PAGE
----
science | December 20, 2011

Alan Lightman's The Accidental Universe is One of the Best Essays of 2011

Scientist and novelist Alan Lightman’s "The Accidental Universe", an article published in Harper's this month, has just been chosen by the Sidney Awards as one of the best magazine essays of 2011. David Brooks, in his New York Times column, wrote of all the Sidney essays:  “Anybody interested in being a better person will click the links…and read attentively.” Here’s his helpful recap of Lightman’s expansive piece:

Alan Lightman writes in “The Accidental Universe” in Harper’s that the existence of life is so incredibly improbable that there can be only two realistic explanations: Either there is a God who designed all this, or there exist many, many different universes, a vast majority of which are lifeless. Many physicists are gravitating to the latter theory. Our universe is just one of many. The universal laws of physics aren’t really universal. They are just the arbitrary arrangements that happen to prevail in our own little universe.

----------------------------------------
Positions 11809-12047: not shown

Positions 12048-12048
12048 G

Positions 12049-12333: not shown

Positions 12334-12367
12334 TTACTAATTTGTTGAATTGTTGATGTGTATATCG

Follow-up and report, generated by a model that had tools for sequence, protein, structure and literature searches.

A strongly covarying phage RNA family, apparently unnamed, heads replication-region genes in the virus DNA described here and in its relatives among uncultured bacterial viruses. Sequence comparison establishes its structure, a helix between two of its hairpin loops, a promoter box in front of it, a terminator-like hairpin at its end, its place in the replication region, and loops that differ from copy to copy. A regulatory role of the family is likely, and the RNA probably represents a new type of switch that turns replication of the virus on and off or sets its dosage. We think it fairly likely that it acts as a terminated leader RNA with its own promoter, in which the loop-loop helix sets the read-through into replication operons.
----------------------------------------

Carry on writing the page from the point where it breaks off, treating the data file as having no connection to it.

Alan Lightman is the renowned physicist and novelist behind blockbuster books such as Einstein’s Dreams, which bravely combine science and fictional narratives. Lightman teaches at MIT, and his new book, Mr g: A Novel About the Creation, will be published in January by Pantheon.

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